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Disruptive Reforms - Section 4?



Outlander

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They can use the online trading voucher to offset the cost of the Coughlan IP tax.
 

The Old Woman

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Small business in ireland has failed to recognise the need to "come on line" This section 4 is the governments attempt to increase the numbers of domestic Irish businesses on line.

If you look at the report you see that the vast majority of each section is being handled by one, two or three departments eg DJEI, IDA, etc. Unfortunately like a lot of things departments handle they attempt to "claim" to identify a problem and seek what they percieve as the quickest and most obvious solution to that problem - this generally involves giving away taxpayers money.

It is pointless giving money to developing irish internet businesses unless it is uniquely irish only produce - other irish businesses have to compete with purchasing product, and having competing in a "global market"

Much of the product that finds its way into our homes through the internet comes from the UK - in the UK many businesses own "the rights" to supply for both Ireland and the UK. For a long number of years some business people in ireland have been complaining that this brand ownership along with the vat grouping directive and incentatives that the State grants these out-side multi nationals have been destablizing core taxation here. Unfortunatelly our civil service is not for looking at this. as a consequence on branded product ireland is simply unable to compete. Much of this money goes out of the country.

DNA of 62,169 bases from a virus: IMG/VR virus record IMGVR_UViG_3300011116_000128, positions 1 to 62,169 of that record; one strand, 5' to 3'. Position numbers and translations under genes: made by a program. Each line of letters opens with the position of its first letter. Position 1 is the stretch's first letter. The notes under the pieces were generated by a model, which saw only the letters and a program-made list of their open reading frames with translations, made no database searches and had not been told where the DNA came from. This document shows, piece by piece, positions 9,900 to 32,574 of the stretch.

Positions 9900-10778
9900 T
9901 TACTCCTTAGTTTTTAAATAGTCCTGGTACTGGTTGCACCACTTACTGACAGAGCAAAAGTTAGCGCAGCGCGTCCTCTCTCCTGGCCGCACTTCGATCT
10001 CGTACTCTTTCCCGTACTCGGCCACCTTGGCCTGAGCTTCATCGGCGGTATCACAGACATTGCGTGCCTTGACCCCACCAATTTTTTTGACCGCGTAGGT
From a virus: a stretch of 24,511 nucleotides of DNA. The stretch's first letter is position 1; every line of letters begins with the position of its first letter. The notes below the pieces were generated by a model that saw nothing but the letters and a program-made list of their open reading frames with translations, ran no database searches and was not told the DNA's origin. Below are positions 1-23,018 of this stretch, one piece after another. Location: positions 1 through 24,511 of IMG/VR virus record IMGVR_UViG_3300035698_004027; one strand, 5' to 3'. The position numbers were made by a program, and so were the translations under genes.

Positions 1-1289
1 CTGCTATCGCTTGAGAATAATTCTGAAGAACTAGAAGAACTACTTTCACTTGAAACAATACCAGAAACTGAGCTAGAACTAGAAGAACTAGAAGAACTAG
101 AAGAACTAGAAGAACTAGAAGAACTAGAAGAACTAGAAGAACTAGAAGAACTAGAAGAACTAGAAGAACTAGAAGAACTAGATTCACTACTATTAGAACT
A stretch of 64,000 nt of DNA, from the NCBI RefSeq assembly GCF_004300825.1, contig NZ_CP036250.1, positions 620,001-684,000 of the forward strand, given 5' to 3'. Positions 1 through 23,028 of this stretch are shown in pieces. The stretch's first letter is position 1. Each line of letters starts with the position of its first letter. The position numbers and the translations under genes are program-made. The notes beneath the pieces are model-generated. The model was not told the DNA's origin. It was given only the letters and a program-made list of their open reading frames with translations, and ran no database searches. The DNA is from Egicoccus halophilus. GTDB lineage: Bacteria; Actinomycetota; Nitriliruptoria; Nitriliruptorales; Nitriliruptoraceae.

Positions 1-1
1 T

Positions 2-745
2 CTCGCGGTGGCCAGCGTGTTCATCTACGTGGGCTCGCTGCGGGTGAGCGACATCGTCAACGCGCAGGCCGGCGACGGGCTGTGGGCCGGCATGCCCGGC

Well done the Revenue and its vat grouping directive on this appalling lost to the Irish exchequer.
 

jmcc

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Small business in ireland has failed to recognise the need to "come on line" This section 4 is the governments attempt to increase the numbers of domestic Irish businesses on line.
But it hasn't. The claim is based, from what I remember, on bad and untrustworthy data from CSO. From what I remember, it just asked some companies if they had a website.

If you look at the report you see that the vast majority of each section is being handled by one, two or three departments eg DJEI, IDA, etc. Unfortunately like a lot of things departments handle they attempt to "claim" to identify a problem and seek what they percieve as the quickest and most obvious solution to that problem - this generally involves giving away taxpayers money.
What is worrying is the complete lack of expertise in defining that problem, if any exists.

It is pointless giving money to developing irish internet businesses unless it is uniquely irish only produce - other irish businesses have to compete with purchasing product, and having competing in a "global market"
Again many businesses are not really suited to internet/web trading. That is often why they have no web presence.
 

ibis

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But it hasn't. The claim is based, from what I remember, on bad and untrustworthy data from CSO. From what I remember, it just asked some companies if they had a website.

What is worrying is the complete lack of expertise in defining that problem, if any exists.

Again many businesses are not really suited to internet/web trading. That is often why they have no web presence.
Hopefully, the process will actually involve someone who can make that judgement...
 

jmcc

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Hopefully, the process will actually involve someone who can make that judgement...